Age (as the old saying goes), often tends to fade into a haze as we age. But what about stress? “Burnout” is the word of the year in the global debate about working conditions in the industry we love. And it comes with all kinds of shades and dark connotations, from the increased risk of violence and addiction to a bleak sense of vocational stagnation.

“Burnout” — apparently coined by Danish workers’ rights group Frode — seems to be the work of two distinct camps. One group says that for too long the definition of burnout has been overly pejorative and cliched. As it turns out, the illness simply means a lack of energy. The other says that “burnout” is a euphemism for drug use, resulting in one-month-long stays in rehab centers.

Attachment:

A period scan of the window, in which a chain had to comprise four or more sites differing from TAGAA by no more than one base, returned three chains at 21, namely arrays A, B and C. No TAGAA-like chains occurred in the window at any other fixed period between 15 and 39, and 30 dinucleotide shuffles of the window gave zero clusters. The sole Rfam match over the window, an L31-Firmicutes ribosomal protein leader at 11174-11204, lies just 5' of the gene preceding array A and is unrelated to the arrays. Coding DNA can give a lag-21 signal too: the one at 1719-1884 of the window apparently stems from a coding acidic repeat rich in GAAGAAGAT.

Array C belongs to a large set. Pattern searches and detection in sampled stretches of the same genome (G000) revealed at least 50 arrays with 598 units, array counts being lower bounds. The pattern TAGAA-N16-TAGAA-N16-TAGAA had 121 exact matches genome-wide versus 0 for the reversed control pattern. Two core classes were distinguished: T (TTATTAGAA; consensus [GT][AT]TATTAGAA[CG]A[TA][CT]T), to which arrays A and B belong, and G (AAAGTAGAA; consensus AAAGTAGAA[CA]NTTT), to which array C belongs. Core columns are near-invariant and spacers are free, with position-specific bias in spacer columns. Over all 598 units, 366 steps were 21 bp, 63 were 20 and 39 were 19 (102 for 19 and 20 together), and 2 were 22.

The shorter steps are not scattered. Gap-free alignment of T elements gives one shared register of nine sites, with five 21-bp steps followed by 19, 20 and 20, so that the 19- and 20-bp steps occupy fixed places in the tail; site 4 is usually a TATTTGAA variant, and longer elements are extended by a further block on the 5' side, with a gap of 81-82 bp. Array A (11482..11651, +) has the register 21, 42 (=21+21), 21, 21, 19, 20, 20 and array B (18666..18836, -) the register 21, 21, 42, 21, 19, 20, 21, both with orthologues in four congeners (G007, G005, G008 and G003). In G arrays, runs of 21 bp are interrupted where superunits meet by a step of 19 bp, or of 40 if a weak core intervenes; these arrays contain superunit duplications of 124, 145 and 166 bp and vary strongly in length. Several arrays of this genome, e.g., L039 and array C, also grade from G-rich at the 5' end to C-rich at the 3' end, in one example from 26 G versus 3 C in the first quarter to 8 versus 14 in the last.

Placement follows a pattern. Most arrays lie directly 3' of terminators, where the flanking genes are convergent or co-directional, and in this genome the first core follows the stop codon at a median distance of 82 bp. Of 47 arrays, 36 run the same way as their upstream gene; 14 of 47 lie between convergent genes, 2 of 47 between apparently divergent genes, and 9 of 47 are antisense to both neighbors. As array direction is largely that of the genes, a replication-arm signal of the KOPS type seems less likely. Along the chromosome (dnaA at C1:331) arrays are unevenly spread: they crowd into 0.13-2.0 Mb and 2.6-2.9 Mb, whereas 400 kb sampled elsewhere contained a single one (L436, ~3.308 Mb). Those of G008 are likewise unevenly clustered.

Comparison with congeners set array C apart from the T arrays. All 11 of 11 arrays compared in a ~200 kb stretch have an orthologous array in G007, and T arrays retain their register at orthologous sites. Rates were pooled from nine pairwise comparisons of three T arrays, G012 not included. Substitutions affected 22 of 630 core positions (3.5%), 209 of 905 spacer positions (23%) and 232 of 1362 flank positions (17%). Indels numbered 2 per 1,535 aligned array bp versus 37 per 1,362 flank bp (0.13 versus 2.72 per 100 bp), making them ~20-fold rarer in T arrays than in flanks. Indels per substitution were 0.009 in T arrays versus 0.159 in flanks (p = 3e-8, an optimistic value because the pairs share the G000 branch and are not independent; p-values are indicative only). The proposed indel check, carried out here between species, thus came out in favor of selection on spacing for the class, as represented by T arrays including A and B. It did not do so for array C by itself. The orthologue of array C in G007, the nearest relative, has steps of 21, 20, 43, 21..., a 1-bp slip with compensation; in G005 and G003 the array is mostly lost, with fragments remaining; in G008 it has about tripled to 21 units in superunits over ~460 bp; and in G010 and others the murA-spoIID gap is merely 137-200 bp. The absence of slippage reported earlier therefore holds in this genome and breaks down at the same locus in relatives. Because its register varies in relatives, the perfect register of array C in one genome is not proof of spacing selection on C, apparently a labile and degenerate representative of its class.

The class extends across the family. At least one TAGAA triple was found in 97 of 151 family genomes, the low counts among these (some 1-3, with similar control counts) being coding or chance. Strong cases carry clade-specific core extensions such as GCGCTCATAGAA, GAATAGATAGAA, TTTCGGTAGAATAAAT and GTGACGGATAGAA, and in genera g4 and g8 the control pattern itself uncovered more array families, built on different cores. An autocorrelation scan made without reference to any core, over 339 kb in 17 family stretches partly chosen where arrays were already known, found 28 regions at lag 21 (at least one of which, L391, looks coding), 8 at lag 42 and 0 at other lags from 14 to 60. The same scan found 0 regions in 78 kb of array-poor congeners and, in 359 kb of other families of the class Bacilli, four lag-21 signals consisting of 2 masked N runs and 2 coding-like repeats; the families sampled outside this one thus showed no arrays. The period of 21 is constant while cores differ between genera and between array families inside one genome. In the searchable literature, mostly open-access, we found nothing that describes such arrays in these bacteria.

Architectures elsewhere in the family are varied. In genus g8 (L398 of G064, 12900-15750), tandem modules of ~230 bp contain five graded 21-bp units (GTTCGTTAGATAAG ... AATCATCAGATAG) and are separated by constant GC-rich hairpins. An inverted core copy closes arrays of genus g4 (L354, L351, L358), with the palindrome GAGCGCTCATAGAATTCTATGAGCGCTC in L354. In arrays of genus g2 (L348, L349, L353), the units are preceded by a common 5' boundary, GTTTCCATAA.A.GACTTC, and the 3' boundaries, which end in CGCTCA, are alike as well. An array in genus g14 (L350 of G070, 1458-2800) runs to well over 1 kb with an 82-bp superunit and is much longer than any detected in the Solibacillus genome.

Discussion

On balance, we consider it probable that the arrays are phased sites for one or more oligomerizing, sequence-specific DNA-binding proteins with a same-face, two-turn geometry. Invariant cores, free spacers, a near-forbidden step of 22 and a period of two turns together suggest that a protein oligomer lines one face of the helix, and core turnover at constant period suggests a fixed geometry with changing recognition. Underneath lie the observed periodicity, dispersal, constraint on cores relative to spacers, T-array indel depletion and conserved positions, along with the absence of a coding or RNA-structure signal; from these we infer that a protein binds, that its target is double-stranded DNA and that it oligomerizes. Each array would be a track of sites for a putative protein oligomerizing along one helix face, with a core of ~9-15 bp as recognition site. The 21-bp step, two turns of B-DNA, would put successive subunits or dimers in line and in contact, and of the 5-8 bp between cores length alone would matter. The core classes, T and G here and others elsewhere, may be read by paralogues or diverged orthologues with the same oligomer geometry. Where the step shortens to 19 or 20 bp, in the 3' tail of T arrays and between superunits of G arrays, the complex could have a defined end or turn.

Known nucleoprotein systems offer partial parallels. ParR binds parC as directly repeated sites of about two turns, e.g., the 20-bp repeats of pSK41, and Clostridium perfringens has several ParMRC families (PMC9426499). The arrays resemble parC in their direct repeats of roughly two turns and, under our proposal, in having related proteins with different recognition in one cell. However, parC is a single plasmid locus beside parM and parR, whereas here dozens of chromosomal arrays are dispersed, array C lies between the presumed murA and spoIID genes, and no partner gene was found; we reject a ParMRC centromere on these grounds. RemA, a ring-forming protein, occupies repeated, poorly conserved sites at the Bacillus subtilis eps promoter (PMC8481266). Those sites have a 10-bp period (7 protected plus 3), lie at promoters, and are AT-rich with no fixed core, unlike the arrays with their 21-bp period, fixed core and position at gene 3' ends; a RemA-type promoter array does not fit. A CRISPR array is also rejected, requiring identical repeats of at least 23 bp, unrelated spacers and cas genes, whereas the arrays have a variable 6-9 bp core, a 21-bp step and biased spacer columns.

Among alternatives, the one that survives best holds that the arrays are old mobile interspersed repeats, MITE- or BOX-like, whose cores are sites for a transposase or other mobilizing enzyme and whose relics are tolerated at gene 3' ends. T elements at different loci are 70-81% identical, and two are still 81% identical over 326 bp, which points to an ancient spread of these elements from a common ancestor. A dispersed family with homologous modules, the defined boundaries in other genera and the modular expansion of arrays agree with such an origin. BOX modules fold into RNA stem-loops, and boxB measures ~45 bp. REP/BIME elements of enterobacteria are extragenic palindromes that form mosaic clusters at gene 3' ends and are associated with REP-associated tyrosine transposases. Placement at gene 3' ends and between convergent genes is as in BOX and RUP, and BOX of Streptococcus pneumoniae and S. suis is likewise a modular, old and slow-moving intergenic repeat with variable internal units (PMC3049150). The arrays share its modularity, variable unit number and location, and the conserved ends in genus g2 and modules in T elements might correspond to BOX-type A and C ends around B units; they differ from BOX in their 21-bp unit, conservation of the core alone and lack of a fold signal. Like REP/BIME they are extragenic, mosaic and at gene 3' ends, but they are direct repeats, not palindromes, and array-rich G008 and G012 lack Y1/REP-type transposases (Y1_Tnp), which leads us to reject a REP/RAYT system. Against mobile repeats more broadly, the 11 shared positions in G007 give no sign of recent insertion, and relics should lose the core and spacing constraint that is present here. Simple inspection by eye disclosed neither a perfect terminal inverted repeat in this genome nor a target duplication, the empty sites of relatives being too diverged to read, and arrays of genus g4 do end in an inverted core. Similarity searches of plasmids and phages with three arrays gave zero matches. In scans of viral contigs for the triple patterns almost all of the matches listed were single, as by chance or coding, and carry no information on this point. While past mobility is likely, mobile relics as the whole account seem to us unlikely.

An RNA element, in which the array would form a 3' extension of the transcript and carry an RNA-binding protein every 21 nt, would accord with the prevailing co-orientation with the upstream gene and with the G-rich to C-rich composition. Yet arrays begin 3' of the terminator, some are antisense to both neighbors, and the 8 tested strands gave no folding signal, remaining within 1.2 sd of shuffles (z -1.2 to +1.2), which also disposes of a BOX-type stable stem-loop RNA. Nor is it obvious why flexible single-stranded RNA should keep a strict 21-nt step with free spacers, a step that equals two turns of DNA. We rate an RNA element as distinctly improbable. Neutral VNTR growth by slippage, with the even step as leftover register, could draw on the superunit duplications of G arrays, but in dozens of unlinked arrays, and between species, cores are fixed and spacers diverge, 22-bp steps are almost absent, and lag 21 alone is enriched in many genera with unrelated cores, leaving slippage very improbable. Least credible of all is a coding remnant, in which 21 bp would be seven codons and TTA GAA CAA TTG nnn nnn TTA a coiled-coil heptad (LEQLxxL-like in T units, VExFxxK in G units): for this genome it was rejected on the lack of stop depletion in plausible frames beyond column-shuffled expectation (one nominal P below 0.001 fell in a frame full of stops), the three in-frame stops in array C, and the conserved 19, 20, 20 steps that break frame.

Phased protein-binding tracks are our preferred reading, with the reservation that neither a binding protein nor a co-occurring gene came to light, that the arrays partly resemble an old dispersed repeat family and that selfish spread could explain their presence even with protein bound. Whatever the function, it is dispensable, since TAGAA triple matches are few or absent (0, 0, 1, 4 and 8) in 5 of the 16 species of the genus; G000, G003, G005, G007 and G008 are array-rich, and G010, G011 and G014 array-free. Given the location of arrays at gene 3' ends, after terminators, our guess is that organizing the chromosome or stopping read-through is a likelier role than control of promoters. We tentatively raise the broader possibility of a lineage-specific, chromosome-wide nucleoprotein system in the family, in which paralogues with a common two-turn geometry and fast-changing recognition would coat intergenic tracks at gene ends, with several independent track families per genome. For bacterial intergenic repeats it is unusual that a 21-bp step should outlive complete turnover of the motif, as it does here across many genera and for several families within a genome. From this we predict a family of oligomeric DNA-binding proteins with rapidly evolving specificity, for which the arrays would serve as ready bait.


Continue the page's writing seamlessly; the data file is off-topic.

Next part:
The disagreement over what a “burnout” look is is emblematic of an ongoing culture war over what’s actually pathological and what’s just part of a work-life balance. As we’ve seen, working-life balance and balance of duty at work (and society) have become bedrocks of our economic system. But for the workforce, it’s clear that the workplace is rapidly transitioning towards a state of constant pressure — no matter the circumstance. Companies are constantly ranking up and down. There’s always a rise in fear, anxiety, and stress. An entrepreneurial workplace in a shrinking society raises questions about the risks of a hectic work-life balance and its effects on mental health.